Who is Daniel Pipes? Daniel Pipes is among the nation's preeminent scholars of Islam and the Middle East; the author of 12 books in the field; a former professor at Harvard, the University of Chicago, and the U.S. Naval War College; and a prize-winning columnist for the New York Post and The Jerusalem Post. Dr. Pipes' distinction in his field led President Bush to appoint him to the United States Institute of Peace, an organization devoted to promoting "peaceful resolutions of international conflicts."
Dr. Pipes became prominent after Sept. 11, 2001, by dint of his prescient warnings about the threat militant Islam poses to the United States. Years before Sept. 11, Dr. Pipes warned that radical Muslims had declared war on the United States: "Unnoticed by most Westerners," he wrote in 1995, "war has been unilaterally declared on Europe and the United States." He identified the threat as Islamism, a militant interpretation of Islam working to submit secular society to Muslim laws and principles. The Boston Globe, among many others, heralded Dr. Pipes' foresight: "If Pipes' admonitions had been heeded, there might never have been a 9/11."
Dr. Pipes, along with Yale Diplomat in Residence Charles Hill, is speaking at Yale today. Hosted by the Middle East Forum at Yale, Dr. Pipes and Hill will address current issues in the Middle East ranging from the War on Terror to the War in Iraq. More distinguished scholars addressing more important issues would be difficult to come by. A scholar who perceived the dangers of radical Islam and cautioned America about the prospect of an attack on its citizens merits both our attention and our respect. We were not listening before Sept. 11. We should know better now.
Yet Dr. Pipes' arrival on campus will be greeted with defamatory charges that have become a hallmark of his opponents: charges of Islamophobia, racism and bigotry. Dr. Pipes' opponents intend to stigmatize him with hateful, if hackneyed, criticisms, thereby shutting down a debate before it begins. They do so because it is a debate they will surely lose. "Racist!" and "Islamophobe!" are stinging and peremptory allegations that make substantive discourse nearly impossible. These charges, however, are false.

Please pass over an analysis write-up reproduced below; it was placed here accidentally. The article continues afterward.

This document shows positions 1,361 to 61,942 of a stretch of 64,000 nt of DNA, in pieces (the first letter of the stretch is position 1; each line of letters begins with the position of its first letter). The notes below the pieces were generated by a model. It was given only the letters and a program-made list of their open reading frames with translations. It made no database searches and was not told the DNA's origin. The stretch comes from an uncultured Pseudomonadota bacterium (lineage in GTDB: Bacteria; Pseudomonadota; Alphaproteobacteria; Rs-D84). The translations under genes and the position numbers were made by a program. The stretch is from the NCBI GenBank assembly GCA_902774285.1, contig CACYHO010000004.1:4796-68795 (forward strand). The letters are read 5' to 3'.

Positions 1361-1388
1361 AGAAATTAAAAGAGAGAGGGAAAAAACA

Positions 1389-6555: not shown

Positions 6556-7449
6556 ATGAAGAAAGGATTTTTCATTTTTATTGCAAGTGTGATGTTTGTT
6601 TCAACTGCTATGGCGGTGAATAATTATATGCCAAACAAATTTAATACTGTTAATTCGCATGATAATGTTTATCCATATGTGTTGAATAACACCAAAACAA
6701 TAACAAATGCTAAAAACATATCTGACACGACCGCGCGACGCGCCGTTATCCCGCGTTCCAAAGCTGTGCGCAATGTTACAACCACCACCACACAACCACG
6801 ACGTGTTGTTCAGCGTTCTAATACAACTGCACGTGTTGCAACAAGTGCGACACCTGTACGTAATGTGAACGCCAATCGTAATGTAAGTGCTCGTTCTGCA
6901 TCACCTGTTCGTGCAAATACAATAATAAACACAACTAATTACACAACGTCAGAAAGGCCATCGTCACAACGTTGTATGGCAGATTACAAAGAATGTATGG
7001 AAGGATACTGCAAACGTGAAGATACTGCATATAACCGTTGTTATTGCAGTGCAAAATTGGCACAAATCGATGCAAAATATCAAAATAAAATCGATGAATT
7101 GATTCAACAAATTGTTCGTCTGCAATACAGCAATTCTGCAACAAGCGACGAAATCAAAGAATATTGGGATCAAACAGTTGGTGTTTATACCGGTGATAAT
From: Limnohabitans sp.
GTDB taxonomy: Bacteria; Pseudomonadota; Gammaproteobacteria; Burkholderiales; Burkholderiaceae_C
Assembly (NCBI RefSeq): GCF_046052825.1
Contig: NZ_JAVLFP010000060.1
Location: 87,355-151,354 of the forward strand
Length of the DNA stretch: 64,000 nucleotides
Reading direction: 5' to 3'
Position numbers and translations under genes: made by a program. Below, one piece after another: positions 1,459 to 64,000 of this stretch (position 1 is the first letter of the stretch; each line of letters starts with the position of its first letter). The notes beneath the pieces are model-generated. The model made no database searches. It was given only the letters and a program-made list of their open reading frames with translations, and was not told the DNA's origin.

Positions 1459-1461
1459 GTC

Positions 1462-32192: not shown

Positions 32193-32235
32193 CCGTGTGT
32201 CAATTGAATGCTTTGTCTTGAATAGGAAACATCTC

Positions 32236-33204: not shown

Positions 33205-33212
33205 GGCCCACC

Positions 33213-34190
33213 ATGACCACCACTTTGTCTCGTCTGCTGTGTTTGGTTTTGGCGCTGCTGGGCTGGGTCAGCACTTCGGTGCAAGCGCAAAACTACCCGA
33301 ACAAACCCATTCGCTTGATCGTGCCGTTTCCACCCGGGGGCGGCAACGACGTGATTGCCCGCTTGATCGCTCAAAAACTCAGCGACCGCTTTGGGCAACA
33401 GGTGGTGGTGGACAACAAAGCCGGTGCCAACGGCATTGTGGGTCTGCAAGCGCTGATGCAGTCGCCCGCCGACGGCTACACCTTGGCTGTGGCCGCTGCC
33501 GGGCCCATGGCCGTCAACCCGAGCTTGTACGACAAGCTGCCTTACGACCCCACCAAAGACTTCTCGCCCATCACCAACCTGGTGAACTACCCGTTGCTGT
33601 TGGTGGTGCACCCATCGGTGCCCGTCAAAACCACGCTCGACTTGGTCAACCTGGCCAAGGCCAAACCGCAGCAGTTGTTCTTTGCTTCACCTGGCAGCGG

Dr. Pipes has devoted his professional life to the study of Islam and the Arab world. He carefully distinguishes between radical Islam, "the problem" in his words, and moderate Islam, "the solution." He has repeatedly voiced his belief that "Islam is not the problem. Terrorism is not the problem. It's a terroristic version of Islam that's the problem." These are hardly the sentiments of a determined and devoted opponent of Islam. Yet groups that seek to defame Dr. Pipes, such as the Council on American-Islamic Relations and activist groups on this campus, have smeared him as "a prolific author of anti-Islamic screeds" and as "avidly anti-Muslim." When his critics attack Dr. Pipes for attacking Islam, is it because they draw no such distinction between the problem and the solution? If so, it is not Dr. Pipes who is guilty of defaming Islam. It is his opponents.
How, then, do Dr. Pipes' opponents dress his beliefs in an ignominious cloak of Islamophobia? Simple. Dr. Pipes' opponents routinely pick through his writings, and brandish out-of-context tidbits with an endless stream of name-calling. Take, for example, Dr. Pipes' 1990 statement that Europeans "are unprepared for the massive immigration of brown-skinned peoples cooking strange foods and maintaining different standards of hygiene." Dr. Pipes' opponents won't tell you that "brown-skinned peoples," "strange foods," and "different standards of hygiene" were his descriptions of current European conceptions of Muslims, not his own. They also won't relay Pipes' next sentence: "the movement of Muslims to Western Europe creates a great number of painful but finite challenges; there is no reason, however, to see this event leading to a cataclysmic battle between two civilizations. If handled properly, the immigrants can even bring much of value, including new energy, to their host societies."
Dr. Pipes is undoubtedly a supporter of a strong American defense and aggressive antiterrorism measures. The controversial nature of Dr. Pipes' scholarship, however, does not make him a racist, a bigot, a Muslim-hater, or an Islamophobe. His scholarship, his words and his actions belie these claims. The use of epithets in a hateful attempt to hinder genuine discourse reflects on the purveyors of the epithets, not on Dr. Pipes. Please look past the tired rhetoric and come hear Dr. Pipes for yourself today at 3:30 p.m. in LC 102. Those who believe his opponents' slanderous claim that he is "the premier Muslim basher" may be surprised to hear what he has to say.
Eliana Johnson is a sophomore in Saybrook College. She is the president of Middle East Forum at Yale.